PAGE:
I have met such a seer. Towards the end of my residency training, a gifted psychologist was assigned to follow me as a routine part of our training. I’d become competent and efficient in administering my craft. “My doctoring will impress her,” I thought with some pomp.

Right before the first person we saw, she told me, “Pretend I’m not in the room.”  Then, for the duration of the morning, she silently observed the patients I saw and my interaction all while in the back of the room.

After seeing a few patients, we’d break and talk. The patients I saw, I felt, were representative of standard primary care issues: Joe forgets to take his medication. Susan can’t quit smoking. Elaine has unexplained abdominal pain. My medical paradigm explained that Joe, like most people,  can’t comply taking continuous medications.  Susan is addicted, not interested in quitting smoking until she’s good and ready. Elaine’s pelvic pain is mysterious but not worrisome.

I’m stunned when, after my medical analysis, the psychologist paused, emitting a rueful smile. She sighed knowingly and responded, “Actually, Joe is angry at his wife and defies her by refusing to comply. Susan has unresolved issues with her father who’s probably an alcoholic. Elaine’s pain suggests sexual molestation.”

“Give me a break!” cried a voice from inside of me. And as the days rolled along there were other voices too.  “I am a family doctor. This is not medicine! I don’t have time for this! Just what you’d expect from a psychologist; too much Freud!”

As the weeks turned, I reluctantly see her hit nail after nail on the head. She saw complex patterns in people’s behaviors and complaints that I’m too blind, and too unwilling, to see.

With this new, almost astonishing, dimension to medicine, I see, for the first time, art, compassion, insight, and intuition as equal partners to the formulas of science. I slowly wonder what it truly means to be called “a doctor,” when so much is missed in the science of “performance.”  I am captivated, begging to know: How does she see? Can I learn? Is she gifted or crazy?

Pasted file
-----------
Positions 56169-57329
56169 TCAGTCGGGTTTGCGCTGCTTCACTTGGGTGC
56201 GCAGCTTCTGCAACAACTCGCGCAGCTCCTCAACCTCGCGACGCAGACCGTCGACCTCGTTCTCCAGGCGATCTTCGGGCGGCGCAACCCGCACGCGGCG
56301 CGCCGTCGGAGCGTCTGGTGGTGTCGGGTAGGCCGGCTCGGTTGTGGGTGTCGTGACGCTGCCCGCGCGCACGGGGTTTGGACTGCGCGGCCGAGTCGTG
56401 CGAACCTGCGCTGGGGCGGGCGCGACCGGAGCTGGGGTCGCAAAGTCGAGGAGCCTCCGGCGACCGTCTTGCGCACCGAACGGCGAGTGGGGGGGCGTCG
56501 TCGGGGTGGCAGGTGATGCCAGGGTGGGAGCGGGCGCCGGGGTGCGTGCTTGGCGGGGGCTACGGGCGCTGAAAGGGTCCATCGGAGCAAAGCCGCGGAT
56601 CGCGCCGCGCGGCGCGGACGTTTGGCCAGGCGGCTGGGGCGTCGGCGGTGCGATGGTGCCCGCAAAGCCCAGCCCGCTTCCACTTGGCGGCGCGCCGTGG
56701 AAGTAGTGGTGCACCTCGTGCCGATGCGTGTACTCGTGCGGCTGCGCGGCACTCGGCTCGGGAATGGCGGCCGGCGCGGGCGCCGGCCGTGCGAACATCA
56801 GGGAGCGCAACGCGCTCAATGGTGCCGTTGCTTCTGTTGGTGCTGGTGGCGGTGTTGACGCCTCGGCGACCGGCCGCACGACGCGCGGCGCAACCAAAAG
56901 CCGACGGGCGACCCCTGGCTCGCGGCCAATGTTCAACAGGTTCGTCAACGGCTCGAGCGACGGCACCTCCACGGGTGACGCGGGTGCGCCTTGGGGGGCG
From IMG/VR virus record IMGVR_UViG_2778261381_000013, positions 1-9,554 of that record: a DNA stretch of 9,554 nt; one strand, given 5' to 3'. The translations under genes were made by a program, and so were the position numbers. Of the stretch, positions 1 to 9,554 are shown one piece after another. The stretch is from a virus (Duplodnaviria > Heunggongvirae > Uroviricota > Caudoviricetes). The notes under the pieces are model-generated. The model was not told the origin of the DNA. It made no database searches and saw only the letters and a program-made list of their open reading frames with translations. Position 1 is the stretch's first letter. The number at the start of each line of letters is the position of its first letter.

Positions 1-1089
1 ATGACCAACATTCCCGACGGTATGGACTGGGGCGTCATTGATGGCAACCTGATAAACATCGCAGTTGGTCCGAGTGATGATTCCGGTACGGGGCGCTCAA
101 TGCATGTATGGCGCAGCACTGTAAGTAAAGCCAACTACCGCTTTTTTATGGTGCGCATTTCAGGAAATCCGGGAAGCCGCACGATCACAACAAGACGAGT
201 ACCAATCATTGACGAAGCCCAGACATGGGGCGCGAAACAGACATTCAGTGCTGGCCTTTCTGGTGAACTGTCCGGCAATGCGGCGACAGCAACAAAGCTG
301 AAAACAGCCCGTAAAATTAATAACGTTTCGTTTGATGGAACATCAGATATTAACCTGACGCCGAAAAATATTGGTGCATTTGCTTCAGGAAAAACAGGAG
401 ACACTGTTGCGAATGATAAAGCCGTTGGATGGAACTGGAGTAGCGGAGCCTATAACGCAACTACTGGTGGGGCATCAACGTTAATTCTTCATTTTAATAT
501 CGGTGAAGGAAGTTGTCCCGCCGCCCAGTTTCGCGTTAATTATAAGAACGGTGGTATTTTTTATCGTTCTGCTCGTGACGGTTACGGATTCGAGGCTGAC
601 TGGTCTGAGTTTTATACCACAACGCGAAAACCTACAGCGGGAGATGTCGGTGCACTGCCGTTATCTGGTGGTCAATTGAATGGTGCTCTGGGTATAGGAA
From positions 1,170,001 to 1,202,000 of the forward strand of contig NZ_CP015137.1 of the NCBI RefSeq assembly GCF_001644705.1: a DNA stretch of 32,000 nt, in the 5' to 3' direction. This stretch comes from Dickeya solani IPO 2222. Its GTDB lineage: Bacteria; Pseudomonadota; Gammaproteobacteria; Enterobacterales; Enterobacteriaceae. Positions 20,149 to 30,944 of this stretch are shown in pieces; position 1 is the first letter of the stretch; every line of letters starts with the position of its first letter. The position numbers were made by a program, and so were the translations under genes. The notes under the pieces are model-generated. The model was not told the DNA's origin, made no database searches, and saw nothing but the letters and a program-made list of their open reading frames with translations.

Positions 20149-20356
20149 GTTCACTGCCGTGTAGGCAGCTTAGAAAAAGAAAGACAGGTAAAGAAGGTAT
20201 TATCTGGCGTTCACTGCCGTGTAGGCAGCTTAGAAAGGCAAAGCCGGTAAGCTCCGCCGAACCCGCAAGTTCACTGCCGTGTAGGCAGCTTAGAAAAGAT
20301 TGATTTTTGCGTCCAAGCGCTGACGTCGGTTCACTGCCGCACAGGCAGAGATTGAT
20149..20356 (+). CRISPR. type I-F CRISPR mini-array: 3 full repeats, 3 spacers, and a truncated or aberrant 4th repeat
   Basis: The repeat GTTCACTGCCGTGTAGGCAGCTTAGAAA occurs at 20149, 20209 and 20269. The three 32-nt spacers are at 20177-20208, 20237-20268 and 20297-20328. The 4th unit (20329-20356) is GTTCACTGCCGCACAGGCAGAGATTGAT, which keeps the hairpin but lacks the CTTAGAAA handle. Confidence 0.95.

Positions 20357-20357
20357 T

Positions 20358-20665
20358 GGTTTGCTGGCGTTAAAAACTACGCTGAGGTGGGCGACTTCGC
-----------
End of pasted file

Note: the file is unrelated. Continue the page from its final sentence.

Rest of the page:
We are in the final days of my tutelage when we meet an enraged Sharon, in follow-up from the emergency room after a miscarriage. She didn’t know she was pregnant, began to bleed, and ended-up in the ER. She was pushed into a back room, left alone for a long time, bleeding heavily. She felt abandoned, angry, and humiliated. The ER attending staff, she insists to me, made her feel like a “slut.” I listen and then promise to investigate and call her back.

In the post-patient meeting I explained to the Bene Gesserit (as I now secretly called my psychologist mentor), “Delays occurred in the ER’s treatment of Sharon and she was over reacting but never in danger.”

“Right about the danger,” the Bene Gesserit concedes, “Wrong about what happened. Sharon had an affair her husband found out about it through the miscarriage.”

Having been humbled too many times, my resistance drops. “What did I miss can you show me?” I beg.

“You sense her over-reaction, her anger, yet dismissed it. Something else fuels her rage. Close your eyes. Pretend to be having a miscarriage right now. I’ll coach you through it.”

“This will be tough.”  I think, “I am a man and can’t really miscarry and am sitting in the doctor’s lounge with plenty of colleagues enjoying this play acting.” I close my eyes and settle into a foreign reality. It doesn’t take long to be guided to bells ringing in my head. “I don’t feel like a slut.”